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A fan favorite of dermatologists and estheticians, bakuchiol has burst onto the skin care scene. It’s known as a natural alternative to retinol, but what exactly is bakuchiol?

In Dr. Fishman’s words, bakuchiol is “derived from the Psoralea corylifolia plant [also known as Babchi] and has its roots in Ayurvedic practices and natural Chinese medications.” She recently discussed the holy grail product with Tatler, explaining it is a “a plant-derived retinol-like skincare ingredient; that it is also a great antioxidant. Its mechanism of action and efficacy are very similar to those of the powerful skin exfoliator and collagen stimulator retinol, though bakuchiol tends to have less skin irritation associated with its use.”

As discussed by Dr. Fishman, bakuchiol has long been used in traditional Chinese medicine due to its anti-inflammatory and antibacterial properties but has just recently been recognized by the mainstream beauty industry. The plant-based sister of retinol, bakuchiol offers all the benefits of retinol, with almost none of the side effects. According to a study by the British Journal of Dermatology, bakuchiol is just as effective as retinol at treating hyperpigmentation, wrinkles, and fine lines. The only difference? Subjects using bakuchiol experienced less dryness and irritation. While retinol and bakuchiol utilize similar mechanisms to stimulate the skin’s production of collagen, unlike retinol, bakuchiol does not reduce the size of oil glands and makes the skin less sensitive to the sun’s damaging UV rays.

Once absorbed by the skin, bakuchiol causes the skin to produce cells at a faster rate and amps up collagen production. This can help decrease hyperpigmentation, fine lines, wrinkles, acne scarring, and redness, without disrupting your skin’s pH or microbiome. Even better, bakuchiol increases skin firmness and can reduce the appearance of pores.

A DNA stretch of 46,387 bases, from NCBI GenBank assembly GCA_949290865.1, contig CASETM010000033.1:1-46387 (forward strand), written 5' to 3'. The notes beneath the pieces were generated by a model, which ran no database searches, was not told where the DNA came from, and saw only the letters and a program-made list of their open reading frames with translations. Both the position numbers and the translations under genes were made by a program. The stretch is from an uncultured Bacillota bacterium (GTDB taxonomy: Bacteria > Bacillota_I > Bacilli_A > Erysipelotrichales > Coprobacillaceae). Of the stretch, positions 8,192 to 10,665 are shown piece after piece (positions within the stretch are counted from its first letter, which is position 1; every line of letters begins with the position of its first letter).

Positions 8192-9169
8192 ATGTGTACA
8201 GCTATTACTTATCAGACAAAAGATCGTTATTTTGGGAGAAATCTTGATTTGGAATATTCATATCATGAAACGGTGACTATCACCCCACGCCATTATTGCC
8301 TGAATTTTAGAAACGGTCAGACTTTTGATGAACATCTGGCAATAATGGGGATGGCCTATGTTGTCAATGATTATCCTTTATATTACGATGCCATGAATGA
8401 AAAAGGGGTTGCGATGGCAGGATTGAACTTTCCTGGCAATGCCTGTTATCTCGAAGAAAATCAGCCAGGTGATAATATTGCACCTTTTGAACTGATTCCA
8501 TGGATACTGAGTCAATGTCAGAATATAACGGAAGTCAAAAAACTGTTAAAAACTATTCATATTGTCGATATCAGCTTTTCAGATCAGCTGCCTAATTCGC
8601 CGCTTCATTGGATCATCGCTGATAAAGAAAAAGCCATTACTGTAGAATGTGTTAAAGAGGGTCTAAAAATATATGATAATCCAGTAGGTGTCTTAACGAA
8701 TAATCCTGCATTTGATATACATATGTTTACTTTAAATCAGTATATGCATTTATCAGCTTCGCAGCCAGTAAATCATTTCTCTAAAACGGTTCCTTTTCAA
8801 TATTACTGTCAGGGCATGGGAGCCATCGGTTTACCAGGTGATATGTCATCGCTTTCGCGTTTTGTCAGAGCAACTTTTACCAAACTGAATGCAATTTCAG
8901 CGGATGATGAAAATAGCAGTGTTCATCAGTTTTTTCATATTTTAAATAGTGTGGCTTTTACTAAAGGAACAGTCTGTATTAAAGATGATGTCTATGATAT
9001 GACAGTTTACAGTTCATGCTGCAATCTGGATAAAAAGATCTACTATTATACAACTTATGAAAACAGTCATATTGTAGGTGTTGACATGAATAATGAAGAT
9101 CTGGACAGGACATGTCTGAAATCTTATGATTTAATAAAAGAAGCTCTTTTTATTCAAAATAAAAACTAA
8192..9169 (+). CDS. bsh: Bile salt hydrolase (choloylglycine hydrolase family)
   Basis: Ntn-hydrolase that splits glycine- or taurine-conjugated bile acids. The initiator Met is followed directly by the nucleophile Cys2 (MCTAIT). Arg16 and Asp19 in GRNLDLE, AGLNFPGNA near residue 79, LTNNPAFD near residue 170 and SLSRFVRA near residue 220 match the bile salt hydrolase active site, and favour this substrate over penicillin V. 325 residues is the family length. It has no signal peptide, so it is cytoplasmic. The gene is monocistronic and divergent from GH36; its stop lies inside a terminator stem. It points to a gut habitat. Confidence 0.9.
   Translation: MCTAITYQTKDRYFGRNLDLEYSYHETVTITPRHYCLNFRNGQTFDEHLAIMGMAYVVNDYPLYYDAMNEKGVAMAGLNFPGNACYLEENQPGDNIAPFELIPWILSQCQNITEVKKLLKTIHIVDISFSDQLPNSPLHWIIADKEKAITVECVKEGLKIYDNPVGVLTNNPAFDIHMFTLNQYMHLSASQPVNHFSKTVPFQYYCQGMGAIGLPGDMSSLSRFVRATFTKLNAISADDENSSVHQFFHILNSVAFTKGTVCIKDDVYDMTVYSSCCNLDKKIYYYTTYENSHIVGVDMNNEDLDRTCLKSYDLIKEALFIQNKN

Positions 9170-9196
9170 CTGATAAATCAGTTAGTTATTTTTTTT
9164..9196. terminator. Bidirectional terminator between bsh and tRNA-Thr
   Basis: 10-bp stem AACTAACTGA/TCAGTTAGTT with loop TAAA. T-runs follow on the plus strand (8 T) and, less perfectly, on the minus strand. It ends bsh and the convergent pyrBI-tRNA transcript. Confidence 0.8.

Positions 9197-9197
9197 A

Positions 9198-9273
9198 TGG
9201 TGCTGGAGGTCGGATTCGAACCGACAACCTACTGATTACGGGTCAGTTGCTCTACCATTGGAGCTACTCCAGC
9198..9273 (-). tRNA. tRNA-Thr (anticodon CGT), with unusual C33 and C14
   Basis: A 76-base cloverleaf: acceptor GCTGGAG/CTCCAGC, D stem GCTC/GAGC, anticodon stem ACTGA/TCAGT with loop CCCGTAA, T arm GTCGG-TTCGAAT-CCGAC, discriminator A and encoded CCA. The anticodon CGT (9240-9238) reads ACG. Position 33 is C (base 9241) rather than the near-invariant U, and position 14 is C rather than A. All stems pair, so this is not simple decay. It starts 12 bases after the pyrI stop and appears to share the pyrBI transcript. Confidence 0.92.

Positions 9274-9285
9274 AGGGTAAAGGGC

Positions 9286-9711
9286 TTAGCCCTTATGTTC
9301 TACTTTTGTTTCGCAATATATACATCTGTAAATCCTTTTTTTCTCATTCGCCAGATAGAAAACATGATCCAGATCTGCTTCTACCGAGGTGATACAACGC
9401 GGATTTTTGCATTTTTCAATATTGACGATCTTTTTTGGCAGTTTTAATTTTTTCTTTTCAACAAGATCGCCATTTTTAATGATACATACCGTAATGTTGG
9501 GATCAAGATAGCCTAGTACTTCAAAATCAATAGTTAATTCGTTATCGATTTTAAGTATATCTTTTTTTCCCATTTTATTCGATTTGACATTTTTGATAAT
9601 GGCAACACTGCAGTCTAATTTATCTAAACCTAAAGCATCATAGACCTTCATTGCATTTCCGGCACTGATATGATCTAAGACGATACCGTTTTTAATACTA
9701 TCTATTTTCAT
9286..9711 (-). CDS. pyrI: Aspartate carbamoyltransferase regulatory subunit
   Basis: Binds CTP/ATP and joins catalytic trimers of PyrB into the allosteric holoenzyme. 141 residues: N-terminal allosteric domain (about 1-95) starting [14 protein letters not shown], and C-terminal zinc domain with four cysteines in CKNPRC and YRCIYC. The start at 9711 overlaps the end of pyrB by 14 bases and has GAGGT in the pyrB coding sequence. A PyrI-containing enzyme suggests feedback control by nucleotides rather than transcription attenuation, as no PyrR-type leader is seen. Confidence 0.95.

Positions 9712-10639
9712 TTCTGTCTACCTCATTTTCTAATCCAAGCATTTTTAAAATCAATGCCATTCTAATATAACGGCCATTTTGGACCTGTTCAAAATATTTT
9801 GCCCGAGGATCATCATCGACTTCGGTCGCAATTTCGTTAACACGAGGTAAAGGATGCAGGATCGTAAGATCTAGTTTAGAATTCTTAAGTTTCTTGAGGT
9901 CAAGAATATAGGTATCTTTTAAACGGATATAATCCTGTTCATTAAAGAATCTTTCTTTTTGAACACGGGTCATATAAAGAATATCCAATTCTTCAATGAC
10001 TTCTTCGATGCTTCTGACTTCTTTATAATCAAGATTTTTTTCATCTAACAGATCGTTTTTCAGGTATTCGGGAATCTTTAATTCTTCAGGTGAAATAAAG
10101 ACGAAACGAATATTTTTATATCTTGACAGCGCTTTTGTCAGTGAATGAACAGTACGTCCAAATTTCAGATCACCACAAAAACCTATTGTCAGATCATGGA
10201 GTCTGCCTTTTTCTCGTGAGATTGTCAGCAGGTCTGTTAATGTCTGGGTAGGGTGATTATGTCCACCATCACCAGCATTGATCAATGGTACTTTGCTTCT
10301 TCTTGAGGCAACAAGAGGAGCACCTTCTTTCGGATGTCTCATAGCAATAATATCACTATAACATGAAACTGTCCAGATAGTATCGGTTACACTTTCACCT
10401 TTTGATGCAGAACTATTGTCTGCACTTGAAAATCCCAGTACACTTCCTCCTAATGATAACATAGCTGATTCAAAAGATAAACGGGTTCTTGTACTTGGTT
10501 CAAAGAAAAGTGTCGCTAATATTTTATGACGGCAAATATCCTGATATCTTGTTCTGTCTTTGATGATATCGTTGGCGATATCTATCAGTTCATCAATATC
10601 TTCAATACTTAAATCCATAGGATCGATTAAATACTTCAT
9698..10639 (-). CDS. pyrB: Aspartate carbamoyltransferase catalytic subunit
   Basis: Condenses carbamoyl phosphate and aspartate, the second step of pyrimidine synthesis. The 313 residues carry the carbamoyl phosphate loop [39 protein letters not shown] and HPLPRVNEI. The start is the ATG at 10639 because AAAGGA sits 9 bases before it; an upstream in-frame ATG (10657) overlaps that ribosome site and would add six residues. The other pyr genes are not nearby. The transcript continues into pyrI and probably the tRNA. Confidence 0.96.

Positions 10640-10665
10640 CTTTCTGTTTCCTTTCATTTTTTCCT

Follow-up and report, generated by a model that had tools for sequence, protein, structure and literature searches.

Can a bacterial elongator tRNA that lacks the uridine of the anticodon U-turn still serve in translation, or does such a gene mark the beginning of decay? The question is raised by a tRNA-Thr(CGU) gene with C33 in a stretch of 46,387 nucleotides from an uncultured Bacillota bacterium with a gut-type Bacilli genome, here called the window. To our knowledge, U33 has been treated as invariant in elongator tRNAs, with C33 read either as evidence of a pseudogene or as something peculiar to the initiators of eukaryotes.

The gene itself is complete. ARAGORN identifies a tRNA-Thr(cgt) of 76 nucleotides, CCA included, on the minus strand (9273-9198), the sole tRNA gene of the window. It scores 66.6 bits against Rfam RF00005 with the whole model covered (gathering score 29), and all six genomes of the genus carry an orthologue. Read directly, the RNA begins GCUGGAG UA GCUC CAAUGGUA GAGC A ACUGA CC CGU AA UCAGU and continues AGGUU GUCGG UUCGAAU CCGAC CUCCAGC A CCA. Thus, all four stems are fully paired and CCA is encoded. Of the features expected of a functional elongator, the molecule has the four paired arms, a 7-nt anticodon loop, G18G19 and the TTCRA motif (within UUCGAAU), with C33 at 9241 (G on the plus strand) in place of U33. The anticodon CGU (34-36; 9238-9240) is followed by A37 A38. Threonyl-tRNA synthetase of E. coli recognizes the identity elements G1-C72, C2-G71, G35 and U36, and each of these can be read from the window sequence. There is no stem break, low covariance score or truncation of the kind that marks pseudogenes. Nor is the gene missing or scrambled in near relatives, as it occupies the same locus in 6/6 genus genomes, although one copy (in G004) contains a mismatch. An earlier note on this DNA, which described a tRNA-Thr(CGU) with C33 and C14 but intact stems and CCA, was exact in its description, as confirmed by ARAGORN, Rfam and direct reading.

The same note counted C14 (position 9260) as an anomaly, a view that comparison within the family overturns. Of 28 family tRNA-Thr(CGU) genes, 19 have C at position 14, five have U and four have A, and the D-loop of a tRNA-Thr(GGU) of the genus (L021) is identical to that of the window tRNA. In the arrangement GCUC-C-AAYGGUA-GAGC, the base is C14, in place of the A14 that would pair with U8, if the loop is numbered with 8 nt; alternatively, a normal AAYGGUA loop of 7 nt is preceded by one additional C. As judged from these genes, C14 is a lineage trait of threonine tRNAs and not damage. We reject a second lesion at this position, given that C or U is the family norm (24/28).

Bakuchiol is safe for all skin types – even those with sensitive skin. In fact, Dr. Fishman frequently recommends it to patients looking to improve the texture and tone of their skin but irritated by retinoids. According to Dr. Fishman “because it doesn’t cause as much irritation as a traditional topical retinol, bakuchiol may be used twice a day. Some evidence shows it to be able to soothe irritated skin, and bakuchiol tends to play well with other skincare ingredients.” Most skin care experts recommend combining the product with other hydrating products such as squalene and polyhydroxy acids (PHAs). While bakuchiol typically fits into any skin care routine, it is advised to avoid combining it with glycolic acid, as it could potentially degrade its formula. Bakuchiol is applied topically to clean dry skin as a serum or lotion, but prior to regular serums and moisturizers.

Ready to start incorporating bakuchiol into your skin care routine? At Aviva Plastic Surgery, one of our favorite bakuchiol products is the Isdinceutics Melatonik that can be purchased in office. Other fan favorites are the ZO Skin Care Skin Brightening Serum with Bakuchiol and Herbivore’s Bakuchiol Retinol Alternative Serum.








To learn even more Bakuchiol, read Dr. Fishman’s full article with Tatler here.

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